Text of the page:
Short-lived websites offer popular dog breeds for a fraction of the normal cost

Dog Hanging Out of Car Window / Paws Before You Buy: Everything You Need to Know about Puppy Scams
Image: Pexels
March 27, 2017

Big eyes, wagging tails, enthusiastic kisses—who doesn’t love puppies?

If you’re thinking about buying a new four-legged friend, however, the Better Business Bureau (BBB) wants you to know about a new scam that’s taking advantage of our love for man’s best friend.

Almost a dozen online puppy scams have popped up recently. These short-lived websites offer popular breeds for just a fraction of the normal price that a legitimate breeder would have charged. The sites usually disappear within weeks of scamming consumers.

Examples of such sites include:

  • Pacificpompups.com
  • j-willsenglishbullpupps.org
  • duluxsiberianpups.com

Real-Life Cases

Back in January, a woman in Ohio was looking online for a Pomeranian puppy. She found a supposed seller called "Elizabeth" who was advertising a purebred Teacup Pomeranian complete with registration papers, health certificates, veterinary records, and free shipping from Baltimore, all for just $550.

The BBB says that the Ohio customer offered to pick the puppy up in Baltimore and received the address of an office building. Upon requesting more details from the seller, however, "all communications ceased." The customer later bought a puppy fully registered with the American Kennel Club from a local breeder for $1700.

In a second case, a BBB employee recently contacted duluxsiberianpups.com using an alias and asked about the animals for sale as well as the location. A representative from the site claimed that it was located in Cleveland, but the business stopped responding after the BBB asked for an address and other details.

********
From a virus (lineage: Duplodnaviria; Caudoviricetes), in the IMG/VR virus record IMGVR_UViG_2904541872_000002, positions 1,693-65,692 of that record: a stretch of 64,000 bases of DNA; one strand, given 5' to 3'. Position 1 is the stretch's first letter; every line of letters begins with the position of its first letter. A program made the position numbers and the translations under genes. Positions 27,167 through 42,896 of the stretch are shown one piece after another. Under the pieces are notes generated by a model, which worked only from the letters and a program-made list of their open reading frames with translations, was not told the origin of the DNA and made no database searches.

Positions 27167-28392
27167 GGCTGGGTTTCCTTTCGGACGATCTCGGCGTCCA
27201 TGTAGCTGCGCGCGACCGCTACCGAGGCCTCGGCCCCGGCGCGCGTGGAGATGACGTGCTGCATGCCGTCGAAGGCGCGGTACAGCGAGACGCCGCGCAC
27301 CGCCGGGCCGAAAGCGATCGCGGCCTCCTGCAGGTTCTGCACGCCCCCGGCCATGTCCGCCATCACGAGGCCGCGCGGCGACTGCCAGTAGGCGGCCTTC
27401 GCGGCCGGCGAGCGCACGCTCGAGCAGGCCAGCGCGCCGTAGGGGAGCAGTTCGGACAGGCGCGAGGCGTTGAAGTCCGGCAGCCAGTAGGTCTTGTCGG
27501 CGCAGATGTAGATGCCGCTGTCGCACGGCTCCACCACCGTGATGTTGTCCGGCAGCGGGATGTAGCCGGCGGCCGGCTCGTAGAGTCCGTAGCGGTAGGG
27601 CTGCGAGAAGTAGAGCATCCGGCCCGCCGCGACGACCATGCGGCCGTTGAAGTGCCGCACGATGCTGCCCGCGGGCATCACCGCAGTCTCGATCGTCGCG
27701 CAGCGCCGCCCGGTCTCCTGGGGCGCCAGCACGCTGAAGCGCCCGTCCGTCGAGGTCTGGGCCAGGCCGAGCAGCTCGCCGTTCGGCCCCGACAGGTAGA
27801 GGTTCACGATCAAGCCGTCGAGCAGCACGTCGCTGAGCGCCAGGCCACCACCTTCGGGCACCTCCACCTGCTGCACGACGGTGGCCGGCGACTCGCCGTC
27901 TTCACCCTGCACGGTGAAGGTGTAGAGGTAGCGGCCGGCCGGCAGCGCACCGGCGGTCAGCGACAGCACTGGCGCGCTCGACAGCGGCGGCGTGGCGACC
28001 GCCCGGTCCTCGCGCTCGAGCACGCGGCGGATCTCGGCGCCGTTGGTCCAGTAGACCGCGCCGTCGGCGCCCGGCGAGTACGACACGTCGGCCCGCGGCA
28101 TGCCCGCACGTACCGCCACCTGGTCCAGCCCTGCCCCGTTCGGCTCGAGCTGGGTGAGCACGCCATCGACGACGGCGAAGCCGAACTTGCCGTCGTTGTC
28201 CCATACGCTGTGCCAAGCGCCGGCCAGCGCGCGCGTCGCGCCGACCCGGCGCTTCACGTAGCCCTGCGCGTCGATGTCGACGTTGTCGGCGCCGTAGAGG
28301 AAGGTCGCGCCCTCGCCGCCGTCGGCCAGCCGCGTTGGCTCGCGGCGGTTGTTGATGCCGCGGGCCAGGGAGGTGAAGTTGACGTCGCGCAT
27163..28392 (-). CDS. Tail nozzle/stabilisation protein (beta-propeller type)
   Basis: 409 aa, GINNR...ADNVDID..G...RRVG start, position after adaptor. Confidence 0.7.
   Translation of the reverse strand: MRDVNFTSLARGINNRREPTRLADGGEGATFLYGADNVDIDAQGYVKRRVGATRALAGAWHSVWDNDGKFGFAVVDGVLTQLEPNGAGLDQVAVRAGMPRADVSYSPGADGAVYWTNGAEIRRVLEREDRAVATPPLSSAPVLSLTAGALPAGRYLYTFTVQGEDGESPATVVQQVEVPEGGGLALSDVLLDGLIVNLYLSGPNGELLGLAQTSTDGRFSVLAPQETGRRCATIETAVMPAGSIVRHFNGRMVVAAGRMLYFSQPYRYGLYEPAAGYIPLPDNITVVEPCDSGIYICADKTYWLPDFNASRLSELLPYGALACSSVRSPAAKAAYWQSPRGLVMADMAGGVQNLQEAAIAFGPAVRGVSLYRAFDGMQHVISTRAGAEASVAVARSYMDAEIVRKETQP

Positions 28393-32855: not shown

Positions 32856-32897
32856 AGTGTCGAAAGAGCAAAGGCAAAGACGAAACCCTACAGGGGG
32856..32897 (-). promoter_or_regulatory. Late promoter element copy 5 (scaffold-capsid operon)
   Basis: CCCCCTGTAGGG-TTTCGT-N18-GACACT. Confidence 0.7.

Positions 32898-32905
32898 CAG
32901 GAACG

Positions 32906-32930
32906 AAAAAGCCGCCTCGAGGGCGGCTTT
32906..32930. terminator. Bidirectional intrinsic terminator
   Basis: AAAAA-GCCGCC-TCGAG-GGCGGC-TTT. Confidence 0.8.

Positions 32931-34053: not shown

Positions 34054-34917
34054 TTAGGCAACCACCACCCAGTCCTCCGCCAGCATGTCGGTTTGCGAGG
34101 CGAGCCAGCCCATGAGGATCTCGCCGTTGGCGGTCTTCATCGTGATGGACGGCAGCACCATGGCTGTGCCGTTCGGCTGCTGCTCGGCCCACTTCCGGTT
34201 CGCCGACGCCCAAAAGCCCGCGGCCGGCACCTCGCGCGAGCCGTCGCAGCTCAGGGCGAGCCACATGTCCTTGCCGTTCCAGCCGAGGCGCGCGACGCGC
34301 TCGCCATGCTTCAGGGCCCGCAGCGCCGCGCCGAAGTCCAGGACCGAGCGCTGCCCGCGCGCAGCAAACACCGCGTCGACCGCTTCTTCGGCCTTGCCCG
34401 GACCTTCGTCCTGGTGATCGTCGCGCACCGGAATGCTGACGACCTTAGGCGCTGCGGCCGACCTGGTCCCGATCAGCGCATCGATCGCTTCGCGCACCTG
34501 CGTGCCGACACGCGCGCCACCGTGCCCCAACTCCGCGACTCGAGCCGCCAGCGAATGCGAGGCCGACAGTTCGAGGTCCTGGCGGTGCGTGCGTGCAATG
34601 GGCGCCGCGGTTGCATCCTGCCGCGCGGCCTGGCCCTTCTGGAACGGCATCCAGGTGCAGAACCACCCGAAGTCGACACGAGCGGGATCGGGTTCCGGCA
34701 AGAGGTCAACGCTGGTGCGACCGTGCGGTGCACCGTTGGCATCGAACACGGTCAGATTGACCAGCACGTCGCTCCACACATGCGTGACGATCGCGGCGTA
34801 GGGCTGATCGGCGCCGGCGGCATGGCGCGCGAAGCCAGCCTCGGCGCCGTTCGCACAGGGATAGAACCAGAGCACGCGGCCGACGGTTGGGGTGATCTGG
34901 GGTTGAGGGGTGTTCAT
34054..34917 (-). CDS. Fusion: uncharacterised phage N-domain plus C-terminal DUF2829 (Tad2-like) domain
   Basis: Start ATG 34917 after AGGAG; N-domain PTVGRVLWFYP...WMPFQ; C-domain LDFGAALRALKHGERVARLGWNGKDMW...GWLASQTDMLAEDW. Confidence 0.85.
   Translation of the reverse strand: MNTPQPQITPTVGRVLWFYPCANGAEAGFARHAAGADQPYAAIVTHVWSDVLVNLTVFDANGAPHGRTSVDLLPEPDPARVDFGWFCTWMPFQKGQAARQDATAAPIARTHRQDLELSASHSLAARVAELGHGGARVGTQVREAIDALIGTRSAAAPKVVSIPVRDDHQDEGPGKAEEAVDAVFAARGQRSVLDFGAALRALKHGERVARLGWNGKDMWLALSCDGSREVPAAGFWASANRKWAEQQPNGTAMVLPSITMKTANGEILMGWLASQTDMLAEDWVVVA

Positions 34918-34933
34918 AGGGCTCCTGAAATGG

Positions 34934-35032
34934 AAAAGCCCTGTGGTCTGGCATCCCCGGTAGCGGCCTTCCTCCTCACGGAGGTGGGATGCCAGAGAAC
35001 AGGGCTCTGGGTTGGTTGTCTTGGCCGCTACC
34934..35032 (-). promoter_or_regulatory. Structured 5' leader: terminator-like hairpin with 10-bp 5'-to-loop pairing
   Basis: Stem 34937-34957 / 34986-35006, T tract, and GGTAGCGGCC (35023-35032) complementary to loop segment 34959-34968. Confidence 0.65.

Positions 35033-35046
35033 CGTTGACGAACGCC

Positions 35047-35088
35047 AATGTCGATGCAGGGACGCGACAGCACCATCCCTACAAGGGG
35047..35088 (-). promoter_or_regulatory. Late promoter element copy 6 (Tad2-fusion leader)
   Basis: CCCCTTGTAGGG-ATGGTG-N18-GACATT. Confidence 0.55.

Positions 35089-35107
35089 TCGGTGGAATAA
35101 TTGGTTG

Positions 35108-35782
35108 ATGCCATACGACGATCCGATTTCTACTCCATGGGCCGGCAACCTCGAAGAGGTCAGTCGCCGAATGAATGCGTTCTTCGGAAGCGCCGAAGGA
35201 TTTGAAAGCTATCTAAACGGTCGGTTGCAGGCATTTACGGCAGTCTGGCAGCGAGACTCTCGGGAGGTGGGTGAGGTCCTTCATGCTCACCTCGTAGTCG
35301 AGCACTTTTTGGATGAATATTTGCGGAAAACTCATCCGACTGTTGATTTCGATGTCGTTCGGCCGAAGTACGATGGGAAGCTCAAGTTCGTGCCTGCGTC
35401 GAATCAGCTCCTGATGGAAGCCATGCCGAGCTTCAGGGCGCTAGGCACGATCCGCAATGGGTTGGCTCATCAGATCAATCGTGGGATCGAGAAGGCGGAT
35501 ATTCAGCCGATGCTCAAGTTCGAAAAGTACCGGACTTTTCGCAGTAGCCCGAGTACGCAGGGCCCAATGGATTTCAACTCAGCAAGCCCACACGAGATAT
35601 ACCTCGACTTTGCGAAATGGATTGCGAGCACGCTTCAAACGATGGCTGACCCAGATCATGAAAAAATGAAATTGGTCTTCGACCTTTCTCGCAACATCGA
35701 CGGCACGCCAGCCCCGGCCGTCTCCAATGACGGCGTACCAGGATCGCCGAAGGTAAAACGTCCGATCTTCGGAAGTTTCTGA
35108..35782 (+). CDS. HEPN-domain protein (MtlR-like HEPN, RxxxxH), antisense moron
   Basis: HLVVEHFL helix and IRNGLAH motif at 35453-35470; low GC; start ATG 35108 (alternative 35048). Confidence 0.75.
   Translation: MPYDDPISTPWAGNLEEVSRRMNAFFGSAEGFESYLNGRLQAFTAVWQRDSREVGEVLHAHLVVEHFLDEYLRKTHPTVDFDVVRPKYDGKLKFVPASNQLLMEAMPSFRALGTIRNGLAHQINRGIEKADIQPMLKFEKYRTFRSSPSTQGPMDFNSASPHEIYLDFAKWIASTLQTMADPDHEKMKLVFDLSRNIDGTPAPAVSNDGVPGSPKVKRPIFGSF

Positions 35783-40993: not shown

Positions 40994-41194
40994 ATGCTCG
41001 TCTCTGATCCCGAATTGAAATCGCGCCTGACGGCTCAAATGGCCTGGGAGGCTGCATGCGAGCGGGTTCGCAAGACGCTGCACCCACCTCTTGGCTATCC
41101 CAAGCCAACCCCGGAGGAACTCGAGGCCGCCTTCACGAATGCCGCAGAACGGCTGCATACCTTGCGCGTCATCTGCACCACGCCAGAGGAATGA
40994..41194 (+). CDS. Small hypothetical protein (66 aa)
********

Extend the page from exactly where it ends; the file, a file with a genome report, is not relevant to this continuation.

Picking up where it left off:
Red Flags for Puppy Scams

  • Payments can only be made via wire transfer—wire transfers are anonymous and non-refundable, so scammers love them.
  • You can’t visit the animal or the breeder—scammers use false addresses and never give consumers the option to pick up the pet in person.
  • The seller can’t provide any photos of the pet except the one you saw online—scammers do not actually have the puppy, so they copied a photo from another site. If you’re not sure the business is legitimate, right click the available image and search for it on Google. If it’s being used on other sites, it’s a scam.
  • The site is new and registered overseas—if you search the web address at a domain lookup site and find out that it was created only recently and registered in a different country, beware.
  • Negative word-of-mouth—consumers who have been scammed often post warnings about their experiences that you will see if you do an online search for the business’s email address, name, phone number, and similar information.

Source: Don’t Waste Your Money, BBB